Among those poets was Malibu High School sophomore and poet Chloe Loquet. She said it was very impactful to her to share her poetry at the summit.
“It allows me to connect with my community while also letting me express my creativity. It allows me to open up and express my ideas, different world views on topics I’m passionate about like environmental activism and things like that,” Loquet said.
Following the students, two poetry instructors who have worked with the students took the stage to share their own poems.
First, poet Nathan Hassell shared his poem titled “Into and Out of the Depressive Blue.”
Next, poet Jolynn Regan praised the students for their dedication to poetry and said working with the students is a joy for herself and the other poetry instructors.
“You guys [audience] got a little taste of the poets we get to work with and it’s an absolute pleasure and joy to work with them,” Regan said. “To you poets, you guys touch us with your work. You do not know how much it means to us to be able to work with you all.”
Buxie then led a poetry performance, which featured music played by Eduardo Del Signore, Federico Ramos, and Ron Wagner of A Call 2Peace and tap dancing from Ann Monahan, Shelley Kramer, Linda Nicholas, and Roxy DeCou of the Senior Tappers.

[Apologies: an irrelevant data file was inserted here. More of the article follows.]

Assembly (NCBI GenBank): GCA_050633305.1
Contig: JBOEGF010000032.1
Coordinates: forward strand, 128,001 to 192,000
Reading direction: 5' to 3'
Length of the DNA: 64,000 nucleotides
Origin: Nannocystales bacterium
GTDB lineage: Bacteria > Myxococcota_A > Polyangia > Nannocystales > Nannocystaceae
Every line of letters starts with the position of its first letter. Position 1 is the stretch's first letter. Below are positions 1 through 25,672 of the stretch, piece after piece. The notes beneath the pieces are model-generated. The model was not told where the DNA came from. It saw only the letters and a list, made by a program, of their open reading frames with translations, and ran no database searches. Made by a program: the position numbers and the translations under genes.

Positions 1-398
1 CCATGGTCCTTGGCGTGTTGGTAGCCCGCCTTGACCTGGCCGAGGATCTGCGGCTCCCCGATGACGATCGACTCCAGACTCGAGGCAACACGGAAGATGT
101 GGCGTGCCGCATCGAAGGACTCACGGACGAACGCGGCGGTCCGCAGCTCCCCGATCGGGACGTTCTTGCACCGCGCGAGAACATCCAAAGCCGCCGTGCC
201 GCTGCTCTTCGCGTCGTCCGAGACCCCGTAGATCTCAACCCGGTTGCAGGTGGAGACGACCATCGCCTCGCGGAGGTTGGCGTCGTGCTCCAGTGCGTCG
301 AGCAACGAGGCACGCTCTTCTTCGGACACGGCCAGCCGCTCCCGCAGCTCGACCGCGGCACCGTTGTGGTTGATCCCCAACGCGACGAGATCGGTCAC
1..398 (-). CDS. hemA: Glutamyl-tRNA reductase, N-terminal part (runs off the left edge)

Buxie returned to the stage and welcomed Mik J. Hamada, Eileen Fiori, Charlotte Ward, Pamela Goldsmith, and Caron Perkal to share a crown of sonnets, poems all building on one another.
Loquet was once again invited to the stage by Buxie to share a revisioned vision statement that Buxie has informally proposed to replace the vision statement in Section 17.02.03 on Malibu’s Municipal code. Buxie said she believes the city needs to recognize nature as having rights.
Buxie and Loquet shared the new code.
“The City of Malibu is home to an astonishment of plants and animals. As citizens of Malibu, our duty is to understand and support its economy. We accept the rights of Malibu’s land and sea to be free of pollution; to be consulted and honored for her wisdom, beauty and healing that she offers. It is our duty to live within the circle of giving established within this economy. That all living things may flourish,” Buxie and Loquet said.
Loquet said sharing the stage with Buxie was an honor.
“She’s an incredible poet. She has such a unique way of viewing the world, through this whimsical, unique lens. It was important to rethink the Malibu vision statement because it not only reflects the current generation’s viewpoint, but also that it reflects the viewpoints of other members of the community not just including the human members but the nature and the environment,” Loquet said.
The summit closed with a performance from Gabe Diebal accompanied by A Call 2Peace.
The Malibu Library Speaker Series will continue into the summer with residents urged to register for E-notifications to get information for future dates for the 2023 Malibu Library Speaker Series by visiting malibucity.org.